Manitoba Hal: I might have a bad night somewhere where I’m playing, and for whatever reason the audience doesn’t get what I’m doing, or they get one thing that I’m doing. In my head will start to brew the idea that I have to go that way suddenly. Without someone like Nicole sitting over top of me going, well hold on, Hal, how does this fit into what you’re really doing here? Kind of like the dog chasing a squirrel, you know? It’s got full attention, full attention, squirrel. That’s sort of how my life goes is that I’m working away and then a shiny thing pops up, I lose focus for a minute, and she brings me back around to what I was doing and what we know works and helps me to make solid decisions that way.
John Murch: Let’s talk about dogs. What’s your favorite dog?
Manitoba Hal: All. I’m a real fan of all dogs. I did have, for a brief time, a pug. I’m a very big fan of small dogs because I like the fact that they think they’re big, that they are much more cuddly. But I love all dogs. Honestly, there’s a sort of a joke thing that people say that the more people I know, the more I love my dog. The truth is if I see a dog, I smile. When I walk by a dog on the road, I immediately say hi. I mean, I don’t necessarily bend down and pet it, but I absolutely say hi. I acknowledge every single dog. Yeah, I’m a bit dog crazy in that way. I see people walking down the street with their dog and I go, oh, why don’t I have a dog?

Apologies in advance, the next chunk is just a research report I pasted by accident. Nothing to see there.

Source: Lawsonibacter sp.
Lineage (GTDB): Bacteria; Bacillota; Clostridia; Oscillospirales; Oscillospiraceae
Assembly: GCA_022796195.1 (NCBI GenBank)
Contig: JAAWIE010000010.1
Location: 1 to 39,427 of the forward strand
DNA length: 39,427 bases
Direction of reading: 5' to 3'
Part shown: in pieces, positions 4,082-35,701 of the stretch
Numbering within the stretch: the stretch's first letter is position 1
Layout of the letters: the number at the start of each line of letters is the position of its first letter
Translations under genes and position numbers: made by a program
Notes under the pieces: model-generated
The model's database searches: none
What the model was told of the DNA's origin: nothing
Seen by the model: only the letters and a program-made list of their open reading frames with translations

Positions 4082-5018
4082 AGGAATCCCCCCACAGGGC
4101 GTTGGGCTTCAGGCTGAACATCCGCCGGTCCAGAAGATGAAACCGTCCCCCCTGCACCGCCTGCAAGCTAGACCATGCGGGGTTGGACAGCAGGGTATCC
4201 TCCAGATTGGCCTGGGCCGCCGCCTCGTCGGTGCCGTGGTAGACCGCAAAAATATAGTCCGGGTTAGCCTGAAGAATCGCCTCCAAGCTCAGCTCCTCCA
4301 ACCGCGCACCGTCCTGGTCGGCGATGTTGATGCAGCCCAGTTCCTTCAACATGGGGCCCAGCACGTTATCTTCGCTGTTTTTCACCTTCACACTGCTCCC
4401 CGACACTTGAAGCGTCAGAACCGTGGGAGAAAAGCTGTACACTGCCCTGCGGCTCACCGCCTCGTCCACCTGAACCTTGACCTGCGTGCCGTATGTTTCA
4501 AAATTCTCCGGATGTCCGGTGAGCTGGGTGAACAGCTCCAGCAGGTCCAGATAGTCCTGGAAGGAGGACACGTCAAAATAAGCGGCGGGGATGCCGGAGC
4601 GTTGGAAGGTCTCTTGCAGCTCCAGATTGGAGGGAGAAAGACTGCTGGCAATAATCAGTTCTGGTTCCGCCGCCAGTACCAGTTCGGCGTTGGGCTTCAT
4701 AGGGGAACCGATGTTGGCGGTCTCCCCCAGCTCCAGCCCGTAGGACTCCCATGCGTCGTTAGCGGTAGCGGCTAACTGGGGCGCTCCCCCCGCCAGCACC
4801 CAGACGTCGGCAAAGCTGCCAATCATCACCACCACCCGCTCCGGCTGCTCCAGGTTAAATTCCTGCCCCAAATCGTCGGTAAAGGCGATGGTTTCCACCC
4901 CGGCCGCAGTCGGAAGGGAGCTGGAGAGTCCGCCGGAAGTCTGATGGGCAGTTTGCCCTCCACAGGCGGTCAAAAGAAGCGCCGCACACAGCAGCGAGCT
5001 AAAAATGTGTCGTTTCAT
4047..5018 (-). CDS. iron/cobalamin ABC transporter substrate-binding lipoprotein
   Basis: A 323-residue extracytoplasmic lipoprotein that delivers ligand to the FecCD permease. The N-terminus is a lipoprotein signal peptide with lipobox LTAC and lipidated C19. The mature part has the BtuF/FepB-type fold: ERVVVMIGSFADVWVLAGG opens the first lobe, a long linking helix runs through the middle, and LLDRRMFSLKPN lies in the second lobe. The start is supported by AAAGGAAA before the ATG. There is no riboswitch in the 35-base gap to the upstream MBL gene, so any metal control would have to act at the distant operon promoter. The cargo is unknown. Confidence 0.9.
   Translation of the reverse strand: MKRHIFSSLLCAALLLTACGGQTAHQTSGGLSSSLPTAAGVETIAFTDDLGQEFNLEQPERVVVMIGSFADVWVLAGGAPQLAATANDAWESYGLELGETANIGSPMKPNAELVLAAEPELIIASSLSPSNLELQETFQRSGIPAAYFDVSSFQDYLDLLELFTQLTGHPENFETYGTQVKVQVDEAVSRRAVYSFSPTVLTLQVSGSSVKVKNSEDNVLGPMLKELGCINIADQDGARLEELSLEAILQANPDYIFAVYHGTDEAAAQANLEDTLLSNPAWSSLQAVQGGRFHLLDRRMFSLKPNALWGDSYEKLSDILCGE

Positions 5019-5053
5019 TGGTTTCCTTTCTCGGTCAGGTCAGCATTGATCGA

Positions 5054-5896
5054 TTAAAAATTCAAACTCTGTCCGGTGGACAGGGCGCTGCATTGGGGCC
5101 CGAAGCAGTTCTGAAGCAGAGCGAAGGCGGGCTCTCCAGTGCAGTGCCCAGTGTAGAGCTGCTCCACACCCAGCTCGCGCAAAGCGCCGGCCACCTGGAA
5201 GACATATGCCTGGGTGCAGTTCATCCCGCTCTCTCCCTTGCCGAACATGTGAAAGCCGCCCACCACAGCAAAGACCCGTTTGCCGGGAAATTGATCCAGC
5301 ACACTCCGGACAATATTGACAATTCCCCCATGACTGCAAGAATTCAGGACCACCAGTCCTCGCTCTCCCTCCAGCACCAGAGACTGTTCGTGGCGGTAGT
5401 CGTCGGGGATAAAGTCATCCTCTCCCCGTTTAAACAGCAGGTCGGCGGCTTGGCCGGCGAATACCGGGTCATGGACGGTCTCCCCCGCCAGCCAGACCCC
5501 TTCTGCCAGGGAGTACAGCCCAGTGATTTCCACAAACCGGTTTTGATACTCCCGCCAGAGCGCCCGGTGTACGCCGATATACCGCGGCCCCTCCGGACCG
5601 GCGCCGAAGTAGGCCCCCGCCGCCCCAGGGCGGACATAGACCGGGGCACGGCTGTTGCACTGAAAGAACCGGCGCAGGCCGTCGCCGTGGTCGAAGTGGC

John Murch: You know as a touring musician that that’s not necessarily the best decision, as well.
Manitoba Hal: It absolutely isn’t. That’s why I don’t have one now, but I say I want one. I guess I’m looking forward to the day I retire, which I don’t know when that’ll be, maybe I’ll fall dead before that happens, but when I can get a dog to be my companion and we can just hang around and play music and walk by the harbor together.
John Murch: We’re currently in a conversation with Manitoba Hal. How easy is it to make a cigar box uke?